We all know that raising chickens has become a current trend. I even wrote a post for GRIT on this. People are starting to catch on as to how (relatively) easy it is to have chickens.
This is not to say that chickens aren’t work, for goodness sake, they are living creatures and thus demand a minimal amount of care and attention, but people are always surprised to hear me say that once your flock is established, the care for your chickens can literally be accomplished in just a few minutes each day.
The problem is that many of us, unlike our parents, didn’t grow up with chickens. We think that the care of a flock must be easy, but we’re a bit on the clueless side of how to go about it. To solve this problem, McMurray Hatchery’s has just published the book “Chickens in Five Minutes a Day” (to be released May 14th) and they’ve asked me to take a look at it.
As many of us know, Murray McMurray Hatchery’s has been selling chicks for 95 years and ships more than 2 million chicks and other waterfowl each year. McMurray knows their stuff when it comes to the care of chickens. “All it takes is 5 minutes a day, and you’re a chicken owner,” the book crows and then clearly lays out the case for their statement. Grouply written by Bud Wood and those at Murray McMurray, the book covers in detail, the most important beginner chicken farmer topics like:
- Setting up the most convenient coop or run
- Choosing your chickens
- Tips for raising newborn chicks
- Step-by-step instructions on the daily routines required for raising chickens
- Daily and monthly chores
- Necessary steps for cleaning the coop
This is all tremendously useful information for the novice chicken owner.
The book includes stunning hand drawn pictures and lots of photos of the different types of chicken breeds. It covers solid information which is organized by informative headers (Chickens as Pets, A Daily Guide, etc.) including whether or not you can have chickens in your neighborhood, which cities allow chickens, and even what types of breeds to get for your needs (colder climates like the Northeast do better with some breeds over others.)
The tone of the writing is direct (the reader is addressed as “you” as in “You’ll start your day by heading to the chicken coop with some kitchen scraps to treat your birds.”) And it even includes helpful bits of advice from seasoned chicken farmers.
Perhaps the most informative section is the Murray McMurray Method for Raising Newly Hatched Chicks in Five Minutes a Day. From my classes, I find that this is the topic where I get the most questions. People don’t seem to be afraid of taking care of older birds but many get down-right twitchy at the thought of being responsible for newly hatched chicks.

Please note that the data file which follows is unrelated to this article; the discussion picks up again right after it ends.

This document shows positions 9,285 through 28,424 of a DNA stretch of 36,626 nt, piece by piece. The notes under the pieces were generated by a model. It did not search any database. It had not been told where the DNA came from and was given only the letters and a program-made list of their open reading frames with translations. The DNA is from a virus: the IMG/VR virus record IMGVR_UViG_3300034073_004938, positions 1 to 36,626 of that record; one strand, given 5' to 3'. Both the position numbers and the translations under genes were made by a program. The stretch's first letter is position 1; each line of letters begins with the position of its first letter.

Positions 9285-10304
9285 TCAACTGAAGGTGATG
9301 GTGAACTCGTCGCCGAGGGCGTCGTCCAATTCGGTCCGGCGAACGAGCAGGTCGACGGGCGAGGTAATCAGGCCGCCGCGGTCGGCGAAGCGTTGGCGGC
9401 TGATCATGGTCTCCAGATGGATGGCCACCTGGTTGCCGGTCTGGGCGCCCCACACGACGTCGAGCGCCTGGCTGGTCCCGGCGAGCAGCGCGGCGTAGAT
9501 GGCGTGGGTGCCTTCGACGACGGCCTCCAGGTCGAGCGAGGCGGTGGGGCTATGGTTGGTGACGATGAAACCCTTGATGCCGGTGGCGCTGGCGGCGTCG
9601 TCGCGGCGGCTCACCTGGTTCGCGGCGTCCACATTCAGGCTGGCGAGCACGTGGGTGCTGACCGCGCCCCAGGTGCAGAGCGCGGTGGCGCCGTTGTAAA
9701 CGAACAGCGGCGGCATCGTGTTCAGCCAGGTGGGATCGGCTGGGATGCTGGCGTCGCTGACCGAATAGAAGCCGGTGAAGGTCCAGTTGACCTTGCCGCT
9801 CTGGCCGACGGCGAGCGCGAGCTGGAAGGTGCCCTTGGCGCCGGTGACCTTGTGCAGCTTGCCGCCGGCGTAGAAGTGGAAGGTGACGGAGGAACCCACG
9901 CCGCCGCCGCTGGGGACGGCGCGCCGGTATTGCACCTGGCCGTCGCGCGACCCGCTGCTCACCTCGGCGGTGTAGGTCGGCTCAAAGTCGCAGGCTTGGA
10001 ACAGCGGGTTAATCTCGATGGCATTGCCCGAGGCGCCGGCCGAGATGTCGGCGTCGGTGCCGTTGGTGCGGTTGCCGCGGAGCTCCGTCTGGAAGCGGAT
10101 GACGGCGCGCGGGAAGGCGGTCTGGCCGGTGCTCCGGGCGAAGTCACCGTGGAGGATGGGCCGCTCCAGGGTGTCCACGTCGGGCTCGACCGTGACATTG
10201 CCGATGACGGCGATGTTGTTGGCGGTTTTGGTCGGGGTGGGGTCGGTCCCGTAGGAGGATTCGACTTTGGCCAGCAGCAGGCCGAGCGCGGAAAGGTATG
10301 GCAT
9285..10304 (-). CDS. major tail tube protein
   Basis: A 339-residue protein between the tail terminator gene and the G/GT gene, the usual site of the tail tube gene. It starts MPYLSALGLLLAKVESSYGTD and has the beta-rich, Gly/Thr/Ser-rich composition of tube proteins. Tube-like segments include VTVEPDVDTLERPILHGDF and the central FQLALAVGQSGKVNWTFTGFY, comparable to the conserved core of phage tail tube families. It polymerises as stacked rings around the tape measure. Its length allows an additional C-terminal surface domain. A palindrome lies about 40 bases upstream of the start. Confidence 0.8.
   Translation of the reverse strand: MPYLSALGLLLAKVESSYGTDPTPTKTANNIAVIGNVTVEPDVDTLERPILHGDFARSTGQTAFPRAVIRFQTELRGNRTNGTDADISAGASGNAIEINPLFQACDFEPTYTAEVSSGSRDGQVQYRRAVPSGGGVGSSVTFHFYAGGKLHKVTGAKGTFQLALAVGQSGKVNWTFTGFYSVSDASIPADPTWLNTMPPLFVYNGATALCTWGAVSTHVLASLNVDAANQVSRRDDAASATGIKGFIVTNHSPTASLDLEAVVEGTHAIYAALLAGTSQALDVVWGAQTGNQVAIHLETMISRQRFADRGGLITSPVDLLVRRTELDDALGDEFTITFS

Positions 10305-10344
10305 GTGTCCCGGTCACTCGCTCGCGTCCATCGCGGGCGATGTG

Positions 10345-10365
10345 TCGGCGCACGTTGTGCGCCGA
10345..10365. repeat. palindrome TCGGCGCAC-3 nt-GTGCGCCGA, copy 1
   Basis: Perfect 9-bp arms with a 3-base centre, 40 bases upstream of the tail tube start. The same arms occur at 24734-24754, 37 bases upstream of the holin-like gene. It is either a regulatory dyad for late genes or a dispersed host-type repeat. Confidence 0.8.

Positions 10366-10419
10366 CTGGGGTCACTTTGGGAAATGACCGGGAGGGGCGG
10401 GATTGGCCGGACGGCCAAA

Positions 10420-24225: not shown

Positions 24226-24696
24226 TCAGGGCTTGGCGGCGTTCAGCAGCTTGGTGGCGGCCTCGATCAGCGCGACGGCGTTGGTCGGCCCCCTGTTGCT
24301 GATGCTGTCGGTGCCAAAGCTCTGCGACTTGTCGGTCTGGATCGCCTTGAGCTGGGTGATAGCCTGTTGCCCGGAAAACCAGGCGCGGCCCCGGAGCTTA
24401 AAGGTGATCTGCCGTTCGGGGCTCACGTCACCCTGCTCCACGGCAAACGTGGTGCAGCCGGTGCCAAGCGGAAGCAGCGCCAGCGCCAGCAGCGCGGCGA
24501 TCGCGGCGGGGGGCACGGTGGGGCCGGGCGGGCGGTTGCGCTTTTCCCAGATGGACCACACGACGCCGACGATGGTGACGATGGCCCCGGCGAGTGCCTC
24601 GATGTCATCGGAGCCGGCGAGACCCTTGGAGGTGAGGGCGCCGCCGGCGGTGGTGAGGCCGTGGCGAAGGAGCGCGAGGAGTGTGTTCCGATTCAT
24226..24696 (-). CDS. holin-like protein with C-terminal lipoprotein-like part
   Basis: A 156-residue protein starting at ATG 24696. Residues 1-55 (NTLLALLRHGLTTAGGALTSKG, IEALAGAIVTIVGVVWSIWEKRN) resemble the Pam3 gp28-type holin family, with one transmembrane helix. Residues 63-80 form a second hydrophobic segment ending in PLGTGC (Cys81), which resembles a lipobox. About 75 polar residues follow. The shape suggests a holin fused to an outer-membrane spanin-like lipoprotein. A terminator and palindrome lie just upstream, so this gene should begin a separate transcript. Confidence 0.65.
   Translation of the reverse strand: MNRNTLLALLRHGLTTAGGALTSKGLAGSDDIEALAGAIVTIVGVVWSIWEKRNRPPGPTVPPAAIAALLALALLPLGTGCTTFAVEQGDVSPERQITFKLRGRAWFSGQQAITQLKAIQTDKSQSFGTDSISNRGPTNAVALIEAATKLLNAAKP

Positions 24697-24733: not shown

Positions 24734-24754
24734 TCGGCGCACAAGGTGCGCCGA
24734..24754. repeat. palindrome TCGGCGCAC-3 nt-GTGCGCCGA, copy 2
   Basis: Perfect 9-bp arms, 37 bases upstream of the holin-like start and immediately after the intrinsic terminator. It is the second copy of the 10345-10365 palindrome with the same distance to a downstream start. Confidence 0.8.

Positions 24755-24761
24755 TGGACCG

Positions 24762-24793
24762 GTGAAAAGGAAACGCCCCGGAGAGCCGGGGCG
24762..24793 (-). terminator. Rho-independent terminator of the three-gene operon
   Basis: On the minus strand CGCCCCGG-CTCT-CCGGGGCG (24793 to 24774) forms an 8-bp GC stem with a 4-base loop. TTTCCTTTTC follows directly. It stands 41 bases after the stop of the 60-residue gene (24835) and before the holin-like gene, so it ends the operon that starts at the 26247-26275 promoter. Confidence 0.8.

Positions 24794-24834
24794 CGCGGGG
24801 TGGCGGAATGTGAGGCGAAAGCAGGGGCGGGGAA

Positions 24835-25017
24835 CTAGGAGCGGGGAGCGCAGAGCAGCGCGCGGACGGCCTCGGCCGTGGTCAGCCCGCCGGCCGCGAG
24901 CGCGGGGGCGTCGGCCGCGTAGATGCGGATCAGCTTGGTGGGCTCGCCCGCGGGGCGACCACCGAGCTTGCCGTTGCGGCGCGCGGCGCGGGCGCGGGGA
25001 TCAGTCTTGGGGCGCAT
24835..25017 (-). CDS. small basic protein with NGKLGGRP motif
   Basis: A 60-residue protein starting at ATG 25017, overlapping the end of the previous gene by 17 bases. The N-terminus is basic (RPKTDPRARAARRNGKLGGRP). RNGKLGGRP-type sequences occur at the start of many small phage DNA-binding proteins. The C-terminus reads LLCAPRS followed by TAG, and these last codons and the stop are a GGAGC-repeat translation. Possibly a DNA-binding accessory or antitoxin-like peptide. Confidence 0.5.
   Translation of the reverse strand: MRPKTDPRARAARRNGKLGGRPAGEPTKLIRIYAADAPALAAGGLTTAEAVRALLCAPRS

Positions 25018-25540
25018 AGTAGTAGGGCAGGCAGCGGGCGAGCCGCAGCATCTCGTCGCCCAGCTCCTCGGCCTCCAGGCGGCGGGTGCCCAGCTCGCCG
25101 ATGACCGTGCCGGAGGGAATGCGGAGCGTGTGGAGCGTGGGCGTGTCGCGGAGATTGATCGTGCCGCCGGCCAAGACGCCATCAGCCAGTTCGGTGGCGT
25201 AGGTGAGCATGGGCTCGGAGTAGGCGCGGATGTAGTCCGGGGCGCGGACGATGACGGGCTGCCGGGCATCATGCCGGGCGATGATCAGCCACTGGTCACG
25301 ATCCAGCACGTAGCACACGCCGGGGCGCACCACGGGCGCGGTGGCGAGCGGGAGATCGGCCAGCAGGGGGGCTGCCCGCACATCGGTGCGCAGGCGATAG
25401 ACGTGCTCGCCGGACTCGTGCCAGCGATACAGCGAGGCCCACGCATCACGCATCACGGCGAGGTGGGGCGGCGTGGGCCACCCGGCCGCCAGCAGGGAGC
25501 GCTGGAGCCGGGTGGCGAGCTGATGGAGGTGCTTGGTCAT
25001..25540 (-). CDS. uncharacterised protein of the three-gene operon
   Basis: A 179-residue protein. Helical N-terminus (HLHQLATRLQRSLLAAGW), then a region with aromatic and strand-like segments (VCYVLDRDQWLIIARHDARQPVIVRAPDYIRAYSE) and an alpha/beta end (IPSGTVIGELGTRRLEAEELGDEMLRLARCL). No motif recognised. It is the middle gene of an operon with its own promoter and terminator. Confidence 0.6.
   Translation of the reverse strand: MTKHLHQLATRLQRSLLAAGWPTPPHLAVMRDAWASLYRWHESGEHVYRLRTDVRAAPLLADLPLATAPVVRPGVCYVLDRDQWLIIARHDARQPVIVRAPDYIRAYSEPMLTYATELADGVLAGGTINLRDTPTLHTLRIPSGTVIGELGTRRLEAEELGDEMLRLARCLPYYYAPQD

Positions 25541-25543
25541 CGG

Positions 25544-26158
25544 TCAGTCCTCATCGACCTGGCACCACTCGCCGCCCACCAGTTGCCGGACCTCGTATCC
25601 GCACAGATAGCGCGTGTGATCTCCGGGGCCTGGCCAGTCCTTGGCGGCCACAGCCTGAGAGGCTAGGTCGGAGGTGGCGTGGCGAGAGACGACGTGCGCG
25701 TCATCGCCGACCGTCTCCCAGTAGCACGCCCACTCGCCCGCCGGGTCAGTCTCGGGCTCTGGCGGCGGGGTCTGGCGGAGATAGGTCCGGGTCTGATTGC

Using a step-by-step method, this resource (and it really is a terrific chicken information resource) walks you through the steps needed for taking care of those young chicks. From setting up a brooder, to pasty butt, the book holds your hand while it covers it all.
The next section covers the Murray McMurray Method for Raising Chickens in Five Minutes a Day. Daily and even monthly chores are clearly outlined making the care of chickens very straightforward even for the most anxious beginner.
The last section is on problems that may occur with your flock. It’s a list of basic illnesses and conditions sorted, again, by informative headlines (“One of my chickens is pecking at the others in the flock.”) It’s a short section that does indeed cover the basics of flock care and management.
Overall, I’d give this raising chickens guide a high grade. It’s pretty much everything that would be covered in a Chickens 101 (introductory) class. The illustrations are helpful without getting in the way of the information. The text is written in a friendly yet authoritative manner (think sitting down with a glass of sweet tea to talk chickens with your Grandpa) and there is enough information to make this a good reference book to keep on the shelf for the duration of your flock farmership.
I usually tell my chicken classes that between the web and different forums they can usually find all of the information they need to start their flocks, but I’m going to throw a copy of this book into my teaching bag as an example of a helpful resource for anyone who wants to start a chicken flock. Yeah, it’s that good.
Here’s the fun part. McMurray Hatchery’s is going to give someone from this blog a copy of this book. Leave a comment and I’ll randomly pick a winner next Tuesday.
You can check out the details of Chickens in Five Minutes a Day.
Note: I am not being paid for this review, these opinions and statements are entirely my own.
Wendy Thomas writes about the lessons learned while raising children and chickens in New Hampshire. Contact her at Wendy@SimpleThrift.com
Also, join me on Facebook to find out more about the flock (children and chickens) and see some pretty funny chicken jokes, photos of tiny houses, and even a recipe or two.